[ENG] Cecilia’s Rhapsody
The Hong Kong Jockey Club Contemporary Dance Series (CDS), produced by the Hong Kong Arts Festival, has come to its sixth year. It is a platform for choreographers to experiment and produce work that has the potential for international touring and competition.
Cecilia’s Rhapsody, a show consisting of three short pieces conceived and choreographed by three young choreographers, was one of this year’s CDS programs. Based on Cecilia, an early short story by Hong Kong writer Dung Kai-cheung about a man’s imaginary relationship with a mannequin in female form, Cecilia’s Rhapsody, has each choreographer creating a piece that is either an adaptation of the story or a response to Dung’s writing.
It is a great joy to know that Hong Kong Arts Festival and Hong Kong Jockey Club sponsor this type of program for dancers and choreographers in Hong Kong to have a chance at experimenting with the art form. I expected to see some bold and well-conceived ideas that even if not completely worked out would still engage me in dialogue.
The results, however, were a bit disappointing, with all three pieces playing all too safe within their own creative realms.
The Invisible S, Choreographer: Blue Ka-wing, Dancers: Blue Ka-wing, Rain Chan; Photo: Chan Lap Yee Yvonne
The Invisible S
The first work was Blue Ka-wing’s The Invisible S, the only one among the three where the dancers (Blue and Rain Chan) explain to the audience the questions that their movements explore. It was a bit off putting since a dance doesn’t need verbal explanation if its movements are clear.
The dancers explain one main theme that they want to explore – what if the spirit of Cecilia is trapped inside the body of a goldfish. Following their explanation there are two to three bits in which they clearly explore this idea by imitating the movements of a goldfish. Then at one point, they stand up and connect with each other touching each other in different ways. This is given a time limit signified by a beeping sound like a stop watch. They repeat this several times.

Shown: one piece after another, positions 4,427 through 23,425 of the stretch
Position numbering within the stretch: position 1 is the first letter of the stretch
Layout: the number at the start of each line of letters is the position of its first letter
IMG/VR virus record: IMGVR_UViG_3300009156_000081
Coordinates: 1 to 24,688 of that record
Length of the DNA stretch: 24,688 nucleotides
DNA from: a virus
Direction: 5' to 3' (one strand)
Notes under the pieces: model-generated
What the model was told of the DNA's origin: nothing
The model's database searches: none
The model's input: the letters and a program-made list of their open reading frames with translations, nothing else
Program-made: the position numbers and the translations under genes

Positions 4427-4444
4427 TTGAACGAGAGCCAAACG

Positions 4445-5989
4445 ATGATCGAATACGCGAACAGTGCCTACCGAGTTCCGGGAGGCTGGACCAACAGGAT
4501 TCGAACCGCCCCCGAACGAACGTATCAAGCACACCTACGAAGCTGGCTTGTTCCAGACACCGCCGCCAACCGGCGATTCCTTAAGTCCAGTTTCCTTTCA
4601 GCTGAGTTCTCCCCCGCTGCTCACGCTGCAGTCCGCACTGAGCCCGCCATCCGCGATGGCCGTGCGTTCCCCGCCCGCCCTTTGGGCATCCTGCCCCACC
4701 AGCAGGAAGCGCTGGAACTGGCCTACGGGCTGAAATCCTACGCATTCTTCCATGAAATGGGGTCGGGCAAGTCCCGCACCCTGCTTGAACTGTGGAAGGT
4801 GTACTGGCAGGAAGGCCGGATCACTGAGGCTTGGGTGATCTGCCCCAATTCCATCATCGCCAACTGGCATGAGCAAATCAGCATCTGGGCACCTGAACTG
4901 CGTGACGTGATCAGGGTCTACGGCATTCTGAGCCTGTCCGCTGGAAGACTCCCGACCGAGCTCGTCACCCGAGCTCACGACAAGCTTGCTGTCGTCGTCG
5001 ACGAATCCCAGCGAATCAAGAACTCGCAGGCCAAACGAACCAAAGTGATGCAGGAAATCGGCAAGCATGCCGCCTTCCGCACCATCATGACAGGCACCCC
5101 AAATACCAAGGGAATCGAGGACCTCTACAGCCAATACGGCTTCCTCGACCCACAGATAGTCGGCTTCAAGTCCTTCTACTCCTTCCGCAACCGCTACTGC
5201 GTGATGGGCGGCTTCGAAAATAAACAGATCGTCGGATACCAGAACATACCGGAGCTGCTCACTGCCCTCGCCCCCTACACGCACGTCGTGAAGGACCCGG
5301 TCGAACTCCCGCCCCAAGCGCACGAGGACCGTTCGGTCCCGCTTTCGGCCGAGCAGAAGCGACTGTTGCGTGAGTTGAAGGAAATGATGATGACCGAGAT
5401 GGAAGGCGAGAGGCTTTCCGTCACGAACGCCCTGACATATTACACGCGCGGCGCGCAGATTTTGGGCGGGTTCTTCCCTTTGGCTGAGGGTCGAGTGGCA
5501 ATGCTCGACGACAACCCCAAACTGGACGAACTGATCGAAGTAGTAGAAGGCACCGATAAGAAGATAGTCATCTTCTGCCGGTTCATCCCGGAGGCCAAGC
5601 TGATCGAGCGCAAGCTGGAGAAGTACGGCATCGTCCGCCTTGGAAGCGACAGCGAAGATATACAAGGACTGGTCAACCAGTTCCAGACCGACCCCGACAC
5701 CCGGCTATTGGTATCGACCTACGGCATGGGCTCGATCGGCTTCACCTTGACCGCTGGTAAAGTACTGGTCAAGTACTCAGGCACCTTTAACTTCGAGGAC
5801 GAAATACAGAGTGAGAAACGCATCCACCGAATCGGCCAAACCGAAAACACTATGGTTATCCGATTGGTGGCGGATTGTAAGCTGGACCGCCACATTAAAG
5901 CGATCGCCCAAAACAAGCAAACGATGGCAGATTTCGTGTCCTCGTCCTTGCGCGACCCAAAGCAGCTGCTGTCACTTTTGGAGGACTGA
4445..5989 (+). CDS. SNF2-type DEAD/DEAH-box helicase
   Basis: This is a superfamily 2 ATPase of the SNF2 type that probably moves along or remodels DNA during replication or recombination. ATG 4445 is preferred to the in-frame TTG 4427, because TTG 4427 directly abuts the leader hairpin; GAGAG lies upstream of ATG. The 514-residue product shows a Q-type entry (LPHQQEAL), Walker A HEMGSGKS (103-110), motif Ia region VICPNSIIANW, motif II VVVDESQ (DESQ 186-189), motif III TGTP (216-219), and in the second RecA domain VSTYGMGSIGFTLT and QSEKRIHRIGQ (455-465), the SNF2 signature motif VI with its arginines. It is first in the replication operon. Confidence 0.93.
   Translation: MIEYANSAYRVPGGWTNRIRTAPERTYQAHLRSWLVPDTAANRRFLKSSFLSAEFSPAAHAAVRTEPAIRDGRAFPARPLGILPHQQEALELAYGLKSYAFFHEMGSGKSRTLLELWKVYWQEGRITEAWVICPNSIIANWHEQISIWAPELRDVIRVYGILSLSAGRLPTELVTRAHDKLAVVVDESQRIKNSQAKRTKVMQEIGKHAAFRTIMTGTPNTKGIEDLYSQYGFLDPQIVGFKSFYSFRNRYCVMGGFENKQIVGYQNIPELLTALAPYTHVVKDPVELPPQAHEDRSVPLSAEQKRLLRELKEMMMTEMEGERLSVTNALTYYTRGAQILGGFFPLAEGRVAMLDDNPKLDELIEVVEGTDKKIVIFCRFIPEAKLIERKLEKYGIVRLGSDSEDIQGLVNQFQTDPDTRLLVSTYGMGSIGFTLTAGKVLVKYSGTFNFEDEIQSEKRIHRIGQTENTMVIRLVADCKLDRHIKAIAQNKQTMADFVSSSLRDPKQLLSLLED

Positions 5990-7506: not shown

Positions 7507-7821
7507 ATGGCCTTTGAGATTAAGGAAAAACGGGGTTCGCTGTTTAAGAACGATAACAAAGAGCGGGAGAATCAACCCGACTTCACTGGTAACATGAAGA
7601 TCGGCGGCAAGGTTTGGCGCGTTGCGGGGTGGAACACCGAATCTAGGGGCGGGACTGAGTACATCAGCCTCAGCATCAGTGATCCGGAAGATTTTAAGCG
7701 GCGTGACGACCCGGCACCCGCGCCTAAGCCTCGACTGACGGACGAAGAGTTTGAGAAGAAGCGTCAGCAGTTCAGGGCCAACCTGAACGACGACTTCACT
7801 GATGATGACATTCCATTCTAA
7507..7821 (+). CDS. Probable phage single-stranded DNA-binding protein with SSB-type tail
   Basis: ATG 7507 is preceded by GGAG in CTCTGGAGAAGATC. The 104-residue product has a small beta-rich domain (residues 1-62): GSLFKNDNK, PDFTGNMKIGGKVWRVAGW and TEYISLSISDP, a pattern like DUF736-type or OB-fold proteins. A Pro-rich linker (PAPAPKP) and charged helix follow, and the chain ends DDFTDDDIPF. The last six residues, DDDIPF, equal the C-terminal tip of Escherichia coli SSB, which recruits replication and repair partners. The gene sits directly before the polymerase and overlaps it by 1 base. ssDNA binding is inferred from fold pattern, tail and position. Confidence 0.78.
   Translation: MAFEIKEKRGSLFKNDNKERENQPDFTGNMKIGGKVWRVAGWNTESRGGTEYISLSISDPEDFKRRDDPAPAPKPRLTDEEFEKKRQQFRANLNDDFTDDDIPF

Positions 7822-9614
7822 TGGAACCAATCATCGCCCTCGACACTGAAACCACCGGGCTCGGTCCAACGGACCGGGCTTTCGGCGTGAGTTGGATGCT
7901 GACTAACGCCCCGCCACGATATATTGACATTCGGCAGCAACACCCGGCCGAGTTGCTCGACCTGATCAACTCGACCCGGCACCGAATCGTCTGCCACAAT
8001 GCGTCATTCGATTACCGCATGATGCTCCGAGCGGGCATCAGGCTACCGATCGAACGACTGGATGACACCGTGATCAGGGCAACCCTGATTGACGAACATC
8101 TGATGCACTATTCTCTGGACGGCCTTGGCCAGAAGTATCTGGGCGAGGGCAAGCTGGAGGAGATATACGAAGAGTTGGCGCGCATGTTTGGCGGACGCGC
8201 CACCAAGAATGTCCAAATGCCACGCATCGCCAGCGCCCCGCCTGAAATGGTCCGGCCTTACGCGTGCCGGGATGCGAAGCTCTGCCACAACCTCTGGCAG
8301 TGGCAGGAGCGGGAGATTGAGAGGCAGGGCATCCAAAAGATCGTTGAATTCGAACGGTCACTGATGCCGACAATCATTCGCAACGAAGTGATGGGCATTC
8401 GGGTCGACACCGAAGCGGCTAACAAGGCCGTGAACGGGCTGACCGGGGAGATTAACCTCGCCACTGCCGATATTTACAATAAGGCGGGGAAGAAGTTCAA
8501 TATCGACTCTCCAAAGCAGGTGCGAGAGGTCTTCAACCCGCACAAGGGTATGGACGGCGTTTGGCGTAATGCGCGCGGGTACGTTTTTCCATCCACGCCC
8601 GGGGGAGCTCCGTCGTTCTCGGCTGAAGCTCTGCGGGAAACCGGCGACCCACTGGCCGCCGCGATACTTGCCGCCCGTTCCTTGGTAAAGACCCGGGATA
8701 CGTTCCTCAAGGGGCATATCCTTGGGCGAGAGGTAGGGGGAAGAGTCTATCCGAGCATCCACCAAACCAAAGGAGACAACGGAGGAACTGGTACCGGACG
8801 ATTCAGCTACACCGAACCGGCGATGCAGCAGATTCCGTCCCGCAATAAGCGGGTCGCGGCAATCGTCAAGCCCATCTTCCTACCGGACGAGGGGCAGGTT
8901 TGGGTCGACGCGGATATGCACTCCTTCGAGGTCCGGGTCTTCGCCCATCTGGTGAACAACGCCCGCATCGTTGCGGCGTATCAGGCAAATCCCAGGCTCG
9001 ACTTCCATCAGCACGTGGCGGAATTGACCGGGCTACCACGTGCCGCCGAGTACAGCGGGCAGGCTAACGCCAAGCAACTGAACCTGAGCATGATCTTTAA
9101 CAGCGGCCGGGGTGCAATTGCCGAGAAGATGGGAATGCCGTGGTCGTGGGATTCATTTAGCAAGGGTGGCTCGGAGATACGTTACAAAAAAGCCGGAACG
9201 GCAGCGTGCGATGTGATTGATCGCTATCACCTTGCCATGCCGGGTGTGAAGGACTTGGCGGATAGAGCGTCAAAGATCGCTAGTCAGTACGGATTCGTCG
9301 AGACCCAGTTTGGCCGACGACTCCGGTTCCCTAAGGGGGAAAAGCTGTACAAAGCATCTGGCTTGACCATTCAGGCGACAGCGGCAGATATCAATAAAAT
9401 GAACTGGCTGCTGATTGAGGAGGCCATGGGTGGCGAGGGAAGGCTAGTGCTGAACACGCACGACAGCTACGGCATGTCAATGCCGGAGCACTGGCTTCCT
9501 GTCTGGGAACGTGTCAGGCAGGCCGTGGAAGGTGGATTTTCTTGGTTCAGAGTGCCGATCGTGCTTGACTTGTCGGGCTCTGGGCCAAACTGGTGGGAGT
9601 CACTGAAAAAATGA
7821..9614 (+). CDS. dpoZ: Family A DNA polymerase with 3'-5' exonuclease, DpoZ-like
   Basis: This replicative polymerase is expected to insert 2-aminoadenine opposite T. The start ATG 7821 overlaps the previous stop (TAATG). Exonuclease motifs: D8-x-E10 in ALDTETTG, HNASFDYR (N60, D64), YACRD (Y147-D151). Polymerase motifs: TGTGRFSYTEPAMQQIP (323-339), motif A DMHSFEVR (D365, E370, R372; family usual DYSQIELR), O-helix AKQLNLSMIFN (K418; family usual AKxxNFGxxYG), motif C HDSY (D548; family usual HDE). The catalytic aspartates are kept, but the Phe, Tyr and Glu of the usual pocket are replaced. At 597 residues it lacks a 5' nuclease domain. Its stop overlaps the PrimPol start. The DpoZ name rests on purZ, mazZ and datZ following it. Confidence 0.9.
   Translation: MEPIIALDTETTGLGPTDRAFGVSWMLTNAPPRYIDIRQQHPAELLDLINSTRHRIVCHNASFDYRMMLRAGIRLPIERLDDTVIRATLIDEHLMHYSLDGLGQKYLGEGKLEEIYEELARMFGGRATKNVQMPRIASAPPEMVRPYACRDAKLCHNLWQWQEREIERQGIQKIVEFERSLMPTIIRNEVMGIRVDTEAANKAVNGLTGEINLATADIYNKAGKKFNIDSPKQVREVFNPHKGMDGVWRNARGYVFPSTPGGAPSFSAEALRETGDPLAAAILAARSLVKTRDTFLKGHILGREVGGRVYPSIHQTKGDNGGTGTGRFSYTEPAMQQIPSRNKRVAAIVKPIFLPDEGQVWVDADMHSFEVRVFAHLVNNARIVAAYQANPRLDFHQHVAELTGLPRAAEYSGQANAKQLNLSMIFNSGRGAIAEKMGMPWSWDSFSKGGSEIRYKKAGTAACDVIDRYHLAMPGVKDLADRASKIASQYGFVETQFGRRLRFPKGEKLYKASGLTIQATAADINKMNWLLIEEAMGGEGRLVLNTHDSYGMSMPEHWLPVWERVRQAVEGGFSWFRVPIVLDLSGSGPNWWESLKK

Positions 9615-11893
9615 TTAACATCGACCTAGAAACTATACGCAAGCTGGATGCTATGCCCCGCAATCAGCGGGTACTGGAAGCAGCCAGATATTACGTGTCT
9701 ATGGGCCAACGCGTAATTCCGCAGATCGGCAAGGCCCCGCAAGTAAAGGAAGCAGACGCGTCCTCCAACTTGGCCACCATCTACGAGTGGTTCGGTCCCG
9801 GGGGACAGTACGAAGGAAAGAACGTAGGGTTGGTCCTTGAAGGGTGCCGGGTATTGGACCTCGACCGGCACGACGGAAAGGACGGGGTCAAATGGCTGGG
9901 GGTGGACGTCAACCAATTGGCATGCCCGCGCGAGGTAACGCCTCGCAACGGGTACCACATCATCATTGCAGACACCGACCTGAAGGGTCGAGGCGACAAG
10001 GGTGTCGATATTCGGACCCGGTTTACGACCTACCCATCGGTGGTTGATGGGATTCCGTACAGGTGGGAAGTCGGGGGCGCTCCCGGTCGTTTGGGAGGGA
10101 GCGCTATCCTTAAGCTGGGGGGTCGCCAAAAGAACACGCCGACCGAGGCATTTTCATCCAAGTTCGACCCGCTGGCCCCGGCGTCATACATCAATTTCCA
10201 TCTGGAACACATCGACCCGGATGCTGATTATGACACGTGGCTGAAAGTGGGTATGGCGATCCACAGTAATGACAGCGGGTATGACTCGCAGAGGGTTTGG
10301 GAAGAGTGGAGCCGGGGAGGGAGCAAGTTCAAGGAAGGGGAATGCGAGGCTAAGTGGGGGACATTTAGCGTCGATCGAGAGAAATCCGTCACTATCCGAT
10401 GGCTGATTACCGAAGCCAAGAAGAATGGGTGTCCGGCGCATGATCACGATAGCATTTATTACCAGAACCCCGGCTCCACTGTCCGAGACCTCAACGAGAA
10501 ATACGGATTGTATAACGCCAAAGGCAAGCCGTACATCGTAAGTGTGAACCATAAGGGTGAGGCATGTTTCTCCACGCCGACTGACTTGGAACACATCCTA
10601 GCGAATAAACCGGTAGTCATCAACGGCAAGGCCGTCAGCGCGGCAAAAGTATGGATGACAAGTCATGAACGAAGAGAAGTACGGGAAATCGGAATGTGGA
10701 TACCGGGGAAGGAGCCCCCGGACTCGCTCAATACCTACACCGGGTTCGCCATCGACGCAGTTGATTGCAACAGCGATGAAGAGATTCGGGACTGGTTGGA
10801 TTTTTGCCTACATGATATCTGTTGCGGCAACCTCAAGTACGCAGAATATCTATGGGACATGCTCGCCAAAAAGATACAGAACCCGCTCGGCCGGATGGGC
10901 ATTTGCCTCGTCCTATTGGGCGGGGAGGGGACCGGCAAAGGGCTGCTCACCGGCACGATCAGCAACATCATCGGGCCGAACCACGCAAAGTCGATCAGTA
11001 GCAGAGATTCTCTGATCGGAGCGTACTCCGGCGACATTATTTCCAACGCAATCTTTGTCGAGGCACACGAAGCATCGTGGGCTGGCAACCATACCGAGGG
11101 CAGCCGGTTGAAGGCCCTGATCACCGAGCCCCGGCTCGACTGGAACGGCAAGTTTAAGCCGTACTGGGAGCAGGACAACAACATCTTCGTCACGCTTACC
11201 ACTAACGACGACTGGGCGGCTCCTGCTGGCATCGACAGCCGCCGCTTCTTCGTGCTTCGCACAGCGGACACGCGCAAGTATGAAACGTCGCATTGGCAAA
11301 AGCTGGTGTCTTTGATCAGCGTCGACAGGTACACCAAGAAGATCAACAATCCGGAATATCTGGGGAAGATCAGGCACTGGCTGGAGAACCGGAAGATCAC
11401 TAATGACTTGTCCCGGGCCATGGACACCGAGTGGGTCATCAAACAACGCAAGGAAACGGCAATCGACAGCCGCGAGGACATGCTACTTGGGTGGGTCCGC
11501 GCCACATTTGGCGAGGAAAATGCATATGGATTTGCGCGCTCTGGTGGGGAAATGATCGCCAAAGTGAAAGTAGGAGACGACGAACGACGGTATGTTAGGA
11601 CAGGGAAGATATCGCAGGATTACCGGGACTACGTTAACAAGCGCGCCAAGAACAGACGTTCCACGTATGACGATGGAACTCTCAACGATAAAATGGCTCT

This part is the most well-conceived and well-explored among all in The Invisible S. However, maybe it’s because Blue really wants to be very exploratory about her work, but there is way too much speaking together with projections that spoil the ambiguity of meaning in her choreography. In fact, sometimes, the actual movements don’t live up to Blue and Chan’s explanations of them. That is a huge disadvantage. It’d be better if they said nothing, and let the audience discover what the piece is about.
Très léger, Choreographer: Ata Wong, Performers: Mok Chun-tung, Summer Tai, Chan Tze-wing, Woo Yat-hei, Wong Siu-ming; Photo: Chan Lap Yee Yvonne
The second piece is Ata Wong’s Très léger, a piece that, according to his program notes, he conceived from the sentence “Why should I give up my true, innocent nature to pursue a frigid and formal beauty?”.
This is a good beginning for a creative concept, but the piece turns out to be far too superficial in its exploration of that one sentence. The piece has an elegant aesthetic, but it’s something we’ve seen before. A red costume in this work is basically the same design of that in his earlier I Want Euthanasia, and even though it is a treat to see it again in this piece, it brings into question the scope of Wong’s vision.
Of course, the grotesque costumes with their striking color combination serve well the thesis Wong proposes, but his choreographic range is insufficient to support it. There is a lack of connection between the dancers, not only because of their skills but also because of the choreography. It clearly channels a devising process, but the movements are not well structured and do not engage the audience. The control of a red and white figure by a black figure is another good idea, but is again not distinct enough to be exciting. The use of a violin and reactions from the red and white to it are not deep enough to express struggle or tension, and thus the whole piece falls short – the music is especially limited. A Canto-pop song at the end does not have an impact, its use more like a rushed wrapping-up instead of the result of a well-thought out process.
Nook, Choreographer: Rebecca Wong, Dancers: Alice Ma, Takao Komaru; Photo: Chan Lap Yee Yvonne
On the other hand, the last piece, Nook by Rebecca Wong, is so well-made and well-performed that it does not have a spark of novelty. As a dance, this is by far the best and the most refined of the three, but on a platform for new work and new ideas, Nook is so mature and polished that it lacks excitement. The dancers, Alice Ma and Takao Komaru, are both exceptionally skillful and charismatic, that we are thoroughly engaged in watching their performances. Relationships, especially the emotional relationship, between the dancers through their movements are very clear. The aesthetics have a standard stylization and visceral quality that provides audiences with a contented enjoyable experience.